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This retrospective study characterises primary care patients with subclinical hypothyroidism. The prevalence of SCH in the study sample was calculated as 2.8%, compared to a national prevalence of 2.3% in the same age group5. There was a slight predominance of females as would be expected, given that SCH is more common among older women than men1. The mean TSH level was 5.1mIU/L. This is in line with previous research which has suggested that up to 90% of patients with SCH have TSH readings of less than 10mIU/L6. The mean TSH level that prompted treatment was 6.4mIU/L. This is in contrast to many of the recommendations for management which state that treatment should be reserved for those with a TSH of greater than 10mIU/L7,8. Several studies in the past have assessed the natural course of SCH. In this study it was found that 6.1% of patients progressed to clinical hypothyroidism within one year. This is higher than the figure quoted in the literature of 2-3%9. In contrast to this, 18.2% of untreated patients spontaneously reverted to normal TSH levels during the one year period. Again this is a higher figure than quoted in the literature of 5.5%10.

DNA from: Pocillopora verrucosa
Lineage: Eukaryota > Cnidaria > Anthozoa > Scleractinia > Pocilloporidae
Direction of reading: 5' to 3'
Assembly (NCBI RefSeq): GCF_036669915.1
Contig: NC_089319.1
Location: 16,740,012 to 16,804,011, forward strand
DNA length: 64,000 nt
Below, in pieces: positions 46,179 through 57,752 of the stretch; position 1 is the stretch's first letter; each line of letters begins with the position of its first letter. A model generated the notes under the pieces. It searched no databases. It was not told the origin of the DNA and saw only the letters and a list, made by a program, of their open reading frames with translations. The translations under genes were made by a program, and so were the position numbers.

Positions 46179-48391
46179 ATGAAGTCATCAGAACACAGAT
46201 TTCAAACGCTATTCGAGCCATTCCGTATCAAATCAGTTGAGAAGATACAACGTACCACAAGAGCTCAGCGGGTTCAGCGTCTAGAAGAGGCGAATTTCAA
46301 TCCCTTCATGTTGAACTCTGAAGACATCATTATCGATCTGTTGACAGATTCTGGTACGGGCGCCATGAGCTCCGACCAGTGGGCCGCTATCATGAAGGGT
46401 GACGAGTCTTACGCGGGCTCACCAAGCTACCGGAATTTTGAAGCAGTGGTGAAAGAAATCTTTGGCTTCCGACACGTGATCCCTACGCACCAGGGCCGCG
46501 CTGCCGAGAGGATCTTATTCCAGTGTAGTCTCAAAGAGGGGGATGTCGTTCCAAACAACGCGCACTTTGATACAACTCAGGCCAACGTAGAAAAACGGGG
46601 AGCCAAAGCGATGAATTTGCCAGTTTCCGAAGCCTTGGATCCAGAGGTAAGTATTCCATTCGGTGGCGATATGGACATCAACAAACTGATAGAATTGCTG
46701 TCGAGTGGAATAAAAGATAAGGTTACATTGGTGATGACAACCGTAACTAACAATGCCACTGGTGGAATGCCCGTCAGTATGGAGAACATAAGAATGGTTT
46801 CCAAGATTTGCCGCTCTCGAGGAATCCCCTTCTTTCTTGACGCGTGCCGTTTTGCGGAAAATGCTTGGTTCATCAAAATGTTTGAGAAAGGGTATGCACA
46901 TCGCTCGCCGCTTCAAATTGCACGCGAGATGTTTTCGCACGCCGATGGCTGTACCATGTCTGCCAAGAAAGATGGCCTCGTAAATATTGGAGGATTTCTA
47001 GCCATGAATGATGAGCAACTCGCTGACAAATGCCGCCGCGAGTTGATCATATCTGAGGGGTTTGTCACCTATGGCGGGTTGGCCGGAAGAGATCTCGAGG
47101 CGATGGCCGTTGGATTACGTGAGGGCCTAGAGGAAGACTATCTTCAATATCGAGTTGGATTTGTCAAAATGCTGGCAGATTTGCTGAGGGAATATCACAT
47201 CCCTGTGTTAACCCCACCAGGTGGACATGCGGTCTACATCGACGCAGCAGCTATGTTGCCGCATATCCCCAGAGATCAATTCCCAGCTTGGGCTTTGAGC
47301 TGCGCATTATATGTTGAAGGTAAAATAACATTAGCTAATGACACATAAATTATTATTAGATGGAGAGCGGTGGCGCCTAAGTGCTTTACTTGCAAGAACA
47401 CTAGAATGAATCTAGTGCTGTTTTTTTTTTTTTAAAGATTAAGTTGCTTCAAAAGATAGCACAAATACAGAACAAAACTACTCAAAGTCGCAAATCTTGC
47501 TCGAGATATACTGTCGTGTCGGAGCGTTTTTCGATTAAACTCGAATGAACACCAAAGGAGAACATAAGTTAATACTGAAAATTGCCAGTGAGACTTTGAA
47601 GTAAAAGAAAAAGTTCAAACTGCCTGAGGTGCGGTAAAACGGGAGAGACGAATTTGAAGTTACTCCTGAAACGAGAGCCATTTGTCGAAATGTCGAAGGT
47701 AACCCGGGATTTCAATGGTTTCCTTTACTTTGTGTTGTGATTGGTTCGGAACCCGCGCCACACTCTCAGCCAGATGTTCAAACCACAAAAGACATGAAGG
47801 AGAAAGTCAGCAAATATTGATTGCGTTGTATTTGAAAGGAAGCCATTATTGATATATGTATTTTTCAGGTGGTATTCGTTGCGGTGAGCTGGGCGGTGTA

In summary, subclinical hypothyroidism is a prevalent condition among older adults in the community. It is often identified by general practitioners on routine check-up. It can be associated with non-specific symptoms of thyroid dysfunction. Approach to management varies with 22% of patients treated with thyroxine. Definitive guidelines on treatment would help simplify management of this common condition.

Correspondence: E McCarthy

43 Brookville, Glanmire, Co Cork



All members of staff at Mallow Primary Healthcare Centre for their help and kind welcome during the study period.


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  2. Chueire Vb, Romaldini Jh, Ward Ls. Subclinical Hypothyroidism Increases The Risk For Depression In The Elderly. Archives Of Gerontology And Geriatrics. 2007;44:21-8.
  3. Davis Jd, Stern Ra, Flashman La. Cognitive And Neuropsychiatric Aspects Of Subclinical Hypothyroidism: Significance In The Elderly. Current Psychiatry Reports. 2003;5:384-90.
  4. Villar Heloisa Cerqueira Cesar E, Saconato H, Valente O, Atallah Álvaro N. Thyroid Hormone Replacement For Subclinical Hypothyroidism. Cochrane Database Of Systematic Reviews [Internet]. 2007; (3). Available From: Http://Onlinelibrary.Wiley.Com/Doi/10.1002/14651858.Cd003419.Pub2/Abstract.
  5. Morgan K Mh, Watson D, Perry I, Barry M, Shelley E, Harrington J, Molcho M, Layte R, Tully N, Van Lente E, Ward M, Lutomski J , Conroy R, Brugha R. Slán